Dietary experts worry that findings may encourage couch potatoes to stay put. The Heart Protection Study just released suggests deaths from heart disease and stroke would be reduced dramatically if more seemingly healthy people used cholesterol-lowering drugs.
The results were published for the first time this weekend in the British medical journal The Lancet, enlisted 20,536 British adults ranging in age from 40 to 80. Half received a statin drug and half were given a placebo.
Study participants were at high risk of developing heart disease — because they had conditions such as diabetes, hypertension and the like — but did not necessarily have elevated cholesterol levels.
Five years of followup showed a dramatic reduction in heart events among the participants in the statin arm of the trial, even among those with normal cholesterol levels at the start. Not only were they less likely to have a heart attack or stroke, they were also less likely to need bypass surgery, or angioplasty.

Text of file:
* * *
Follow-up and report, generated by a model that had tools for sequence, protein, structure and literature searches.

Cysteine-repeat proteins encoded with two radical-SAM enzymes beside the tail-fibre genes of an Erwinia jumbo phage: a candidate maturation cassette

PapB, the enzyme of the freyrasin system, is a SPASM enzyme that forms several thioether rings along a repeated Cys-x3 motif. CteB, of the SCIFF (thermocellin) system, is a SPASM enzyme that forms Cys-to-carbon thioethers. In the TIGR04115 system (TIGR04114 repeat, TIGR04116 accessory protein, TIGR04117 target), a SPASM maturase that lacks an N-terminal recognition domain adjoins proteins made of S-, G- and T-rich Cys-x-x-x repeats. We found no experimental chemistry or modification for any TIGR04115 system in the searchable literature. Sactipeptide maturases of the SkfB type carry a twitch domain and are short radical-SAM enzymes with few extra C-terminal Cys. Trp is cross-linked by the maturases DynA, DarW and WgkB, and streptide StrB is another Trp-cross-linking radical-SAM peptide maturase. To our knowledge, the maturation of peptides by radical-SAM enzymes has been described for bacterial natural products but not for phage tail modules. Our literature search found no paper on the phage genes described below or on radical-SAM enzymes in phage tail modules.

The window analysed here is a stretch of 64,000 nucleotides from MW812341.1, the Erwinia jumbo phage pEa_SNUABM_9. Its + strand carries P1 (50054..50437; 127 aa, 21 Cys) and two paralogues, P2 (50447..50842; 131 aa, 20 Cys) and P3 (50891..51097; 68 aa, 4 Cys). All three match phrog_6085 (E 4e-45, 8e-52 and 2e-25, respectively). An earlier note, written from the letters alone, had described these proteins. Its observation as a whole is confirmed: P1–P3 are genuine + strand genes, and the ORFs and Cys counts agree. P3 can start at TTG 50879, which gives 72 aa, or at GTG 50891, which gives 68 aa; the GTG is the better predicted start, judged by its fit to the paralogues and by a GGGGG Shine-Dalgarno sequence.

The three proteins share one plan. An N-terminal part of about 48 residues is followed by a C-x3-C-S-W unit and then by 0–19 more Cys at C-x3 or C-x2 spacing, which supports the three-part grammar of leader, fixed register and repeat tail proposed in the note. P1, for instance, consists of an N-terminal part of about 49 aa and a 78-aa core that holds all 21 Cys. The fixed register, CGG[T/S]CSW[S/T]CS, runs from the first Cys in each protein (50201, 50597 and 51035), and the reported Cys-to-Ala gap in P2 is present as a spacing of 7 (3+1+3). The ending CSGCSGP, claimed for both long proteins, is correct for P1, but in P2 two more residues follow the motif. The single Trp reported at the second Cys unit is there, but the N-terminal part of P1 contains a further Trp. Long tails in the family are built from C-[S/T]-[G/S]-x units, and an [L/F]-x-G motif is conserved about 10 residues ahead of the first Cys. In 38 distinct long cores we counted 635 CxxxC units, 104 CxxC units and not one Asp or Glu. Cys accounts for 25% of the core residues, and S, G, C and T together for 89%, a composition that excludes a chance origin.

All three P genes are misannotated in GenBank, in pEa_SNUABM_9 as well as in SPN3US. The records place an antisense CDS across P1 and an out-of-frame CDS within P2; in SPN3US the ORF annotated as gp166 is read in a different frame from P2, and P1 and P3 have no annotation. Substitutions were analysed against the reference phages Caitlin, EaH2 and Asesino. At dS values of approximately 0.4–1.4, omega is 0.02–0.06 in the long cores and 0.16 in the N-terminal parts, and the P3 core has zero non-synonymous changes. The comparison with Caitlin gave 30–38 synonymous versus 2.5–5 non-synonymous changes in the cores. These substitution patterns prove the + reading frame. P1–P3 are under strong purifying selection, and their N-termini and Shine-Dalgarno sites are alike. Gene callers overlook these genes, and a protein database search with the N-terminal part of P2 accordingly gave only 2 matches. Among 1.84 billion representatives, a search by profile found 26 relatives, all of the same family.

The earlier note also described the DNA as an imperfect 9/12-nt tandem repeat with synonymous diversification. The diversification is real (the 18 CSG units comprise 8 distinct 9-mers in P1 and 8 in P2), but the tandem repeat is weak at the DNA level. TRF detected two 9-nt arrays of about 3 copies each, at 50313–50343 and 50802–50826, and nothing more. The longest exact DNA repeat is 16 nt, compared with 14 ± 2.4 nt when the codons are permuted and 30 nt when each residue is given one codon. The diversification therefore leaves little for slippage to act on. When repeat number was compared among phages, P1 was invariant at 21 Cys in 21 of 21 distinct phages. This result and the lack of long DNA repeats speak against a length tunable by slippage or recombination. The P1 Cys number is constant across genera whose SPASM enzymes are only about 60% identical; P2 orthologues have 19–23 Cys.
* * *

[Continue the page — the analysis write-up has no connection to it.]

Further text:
In Toronto, Dr. David Jenkins, who has shown through his own research that dietary changes can significantly cut blood cholesterol levels, is concerned an increasing reliance on pills will give people an excuse not to improve their diets or increase physical activity.
"I would rather that we pursued the diet and lifestyle changes wholeheartedly as fully as we can. Because my belief is there may come a time when we’re couch potatoes, eating too much, taking no exercise and where we have to have amounts and a range of drugs where truly the (negative) side-effects may become something more significant for our population."
Jenkins fears the combination of the Western diet and lifestyle means most people will end up taking a cocktail of drugs to keep heart disease at bay.
Jenkins published a study about 15 months ago showing that eating a cave man-inspired diet — he dubbed it the Garden of Eden diet — dropped cholesterol levels by a staggering 30 per cent in a mere two weeks. But preparing and eating enough of the roots, shoots, berries and leafy greens to sustain oneself was time-consuming and not a practical approach to modern life.
Still, he thinks there is more people could do to improve their heart health before they actually resort to drugs. Eating more vegetables and less fatty food. Working out rather than watching TV.
And he is concerned that studies like HPS will simply lull people into thinking that there’s an easy solution — a magic pill — that will mean they don’t have to get up off the couch or forgo the french fries.